The CEO of Draganfly Innovations, Inc. said there is a $1 billion market for North American drones, such as this Draganflyer X6, because of federal government restrictions. Photo: Draganfly Innovations, Inc.

Canadian dronemaker Draganfly will acquire Vancouver-based Dronelogics Systems for $1.53 million, expanding the company’s North America-built unmanned aircraft systems offerings as the U.S. considers further restricting the use of Chinese-made drones.

The acquisition of Dronelogics, a solutions integrator for custom robotics, hardware and software, expands Draganfly’s offerings in the integration and engineering segments, according to the company.

Dronelogics’ team of nine employees works with Fortune 500 companies to provide insights into inventory metrics, asset management, volume-metric calculation and digitizing assets, according to the joint press release. Scotiabank is acting as Draganfly’s financial adviser for the deal.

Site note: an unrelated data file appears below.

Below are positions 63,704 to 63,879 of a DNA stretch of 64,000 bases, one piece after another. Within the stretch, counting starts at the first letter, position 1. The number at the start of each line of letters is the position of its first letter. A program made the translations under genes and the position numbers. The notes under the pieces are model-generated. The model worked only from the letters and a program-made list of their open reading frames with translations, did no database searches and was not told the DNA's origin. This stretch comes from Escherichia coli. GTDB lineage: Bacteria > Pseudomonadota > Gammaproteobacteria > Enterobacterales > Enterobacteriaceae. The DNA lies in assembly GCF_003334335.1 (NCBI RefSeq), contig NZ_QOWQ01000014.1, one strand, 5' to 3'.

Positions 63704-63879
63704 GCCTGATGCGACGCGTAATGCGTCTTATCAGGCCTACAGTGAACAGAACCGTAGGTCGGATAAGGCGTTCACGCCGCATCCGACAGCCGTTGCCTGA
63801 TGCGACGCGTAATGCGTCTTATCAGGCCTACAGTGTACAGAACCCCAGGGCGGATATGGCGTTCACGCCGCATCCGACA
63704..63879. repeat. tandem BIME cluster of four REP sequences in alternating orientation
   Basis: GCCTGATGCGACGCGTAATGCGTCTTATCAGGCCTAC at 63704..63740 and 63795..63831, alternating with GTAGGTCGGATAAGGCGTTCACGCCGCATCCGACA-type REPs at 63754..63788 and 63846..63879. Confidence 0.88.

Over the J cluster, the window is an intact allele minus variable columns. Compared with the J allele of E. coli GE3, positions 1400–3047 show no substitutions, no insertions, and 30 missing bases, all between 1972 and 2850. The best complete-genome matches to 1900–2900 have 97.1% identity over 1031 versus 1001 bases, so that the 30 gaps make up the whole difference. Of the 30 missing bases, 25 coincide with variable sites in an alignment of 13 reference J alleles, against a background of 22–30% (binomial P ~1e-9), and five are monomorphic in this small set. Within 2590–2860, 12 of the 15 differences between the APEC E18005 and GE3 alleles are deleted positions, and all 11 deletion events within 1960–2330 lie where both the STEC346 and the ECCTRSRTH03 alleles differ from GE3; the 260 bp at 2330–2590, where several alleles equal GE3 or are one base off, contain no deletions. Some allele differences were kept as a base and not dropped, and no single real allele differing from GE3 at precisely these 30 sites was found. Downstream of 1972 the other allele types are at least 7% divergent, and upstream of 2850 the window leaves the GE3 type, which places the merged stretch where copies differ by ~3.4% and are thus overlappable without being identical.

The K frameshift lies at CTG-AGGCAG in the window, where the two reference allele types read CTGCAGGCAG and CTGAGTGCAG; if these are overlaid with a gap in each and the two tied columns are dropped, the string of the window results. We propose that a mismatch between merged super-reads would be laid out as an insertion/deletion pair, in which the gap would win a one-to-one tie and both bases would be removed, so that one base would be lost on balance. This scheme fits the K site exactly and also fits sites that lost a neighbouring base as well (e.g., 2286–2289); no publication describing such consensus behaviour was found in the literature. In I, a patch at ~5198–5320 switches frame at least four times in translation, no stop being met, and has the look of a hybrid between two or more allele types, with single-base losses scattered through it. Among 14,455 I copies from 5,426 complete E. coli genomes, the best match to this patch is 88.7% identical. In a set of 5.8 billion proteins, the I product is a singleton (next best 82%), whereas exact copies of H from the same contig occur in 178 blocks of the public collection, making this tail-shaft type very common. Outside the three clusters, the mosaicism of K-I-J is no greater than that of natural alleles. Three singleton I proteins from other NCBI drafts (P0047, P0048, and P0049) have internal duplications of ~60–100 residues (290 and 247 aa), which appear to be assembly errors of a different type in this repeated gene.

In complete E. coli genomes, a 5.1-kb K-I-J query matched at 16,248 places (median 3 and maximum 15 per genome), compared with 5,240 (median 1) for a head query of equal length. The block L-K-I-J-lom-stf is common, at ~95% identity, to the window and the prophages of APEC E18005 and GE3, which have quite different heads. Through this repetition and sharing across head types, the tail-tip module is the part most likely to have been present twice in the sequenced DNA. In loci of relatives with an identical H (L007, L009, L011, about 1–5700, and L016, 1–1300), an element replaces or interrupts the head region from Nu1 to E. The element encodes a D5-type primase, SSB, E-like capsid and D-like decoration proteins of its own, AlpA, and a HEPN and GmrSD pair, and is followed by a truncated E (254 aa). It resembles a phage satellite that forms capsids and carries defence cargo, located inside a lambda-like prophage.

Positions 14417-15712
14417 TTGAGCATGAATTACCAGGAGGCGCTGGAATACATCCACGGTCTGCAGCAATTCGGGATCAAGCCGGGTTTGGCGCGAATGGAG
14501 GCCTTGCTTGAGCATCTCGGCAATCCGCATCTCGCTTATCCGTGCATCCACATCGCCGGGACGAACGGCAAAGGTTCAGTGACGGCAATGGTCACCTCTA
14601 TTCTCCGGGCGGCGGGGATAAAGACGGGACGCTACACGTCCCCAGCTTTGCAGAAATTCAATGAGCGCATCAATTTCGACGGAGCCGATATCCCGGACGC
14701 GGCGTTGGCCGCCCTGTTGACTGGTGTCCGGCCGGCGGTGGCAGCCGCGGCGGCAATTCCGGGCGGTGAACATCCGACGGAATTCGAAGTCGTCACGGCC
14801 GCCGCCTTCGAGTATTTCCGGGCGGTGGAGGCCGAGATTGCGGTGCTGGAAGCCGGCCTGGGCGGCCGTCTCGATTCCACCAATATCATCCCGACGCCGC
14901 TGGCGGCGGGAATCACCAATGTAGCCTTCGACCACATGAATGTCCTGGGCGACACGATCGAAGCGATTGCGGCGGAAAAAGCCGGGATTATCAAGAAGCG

“We are excited to welcome the whole Dronelogics team as part of Draganfly,” said Draganfly CEO Cameron Chell. “Dronelogics brings to Draganfly a great sales distribution system and they bring robust services capabilities. Draganfly is really strong on the contract engineering side, and Dronelogics has some great integration services. They also bring a fantastic line up of customers in forestry, mining and public safety.”

Draganfly has been a provider of UAV hardware and software services for 21 years, but has recently sought to capitalize on its North America-focused supply chain as rising security concerns related to Chinese-made components and software threaten the future ability of many larger players to work with the U.S. government and military.

The Department of Interior has permanently grounded its fleet of 810 drones, all of which are either Chinese-made drones or U.S.-made drones with Chinese electronic components, according to the department. The U.S. Army has banned the use of technology from Chinese drone giant DJI since 2017.

In December, Chell said increasing U.S. government restrictions on foreign drones was a $1 billion market opportunity.

“There are maybe three or four companies that can capture that work, and Draganfly is one of them,” Chell told Defense Daily.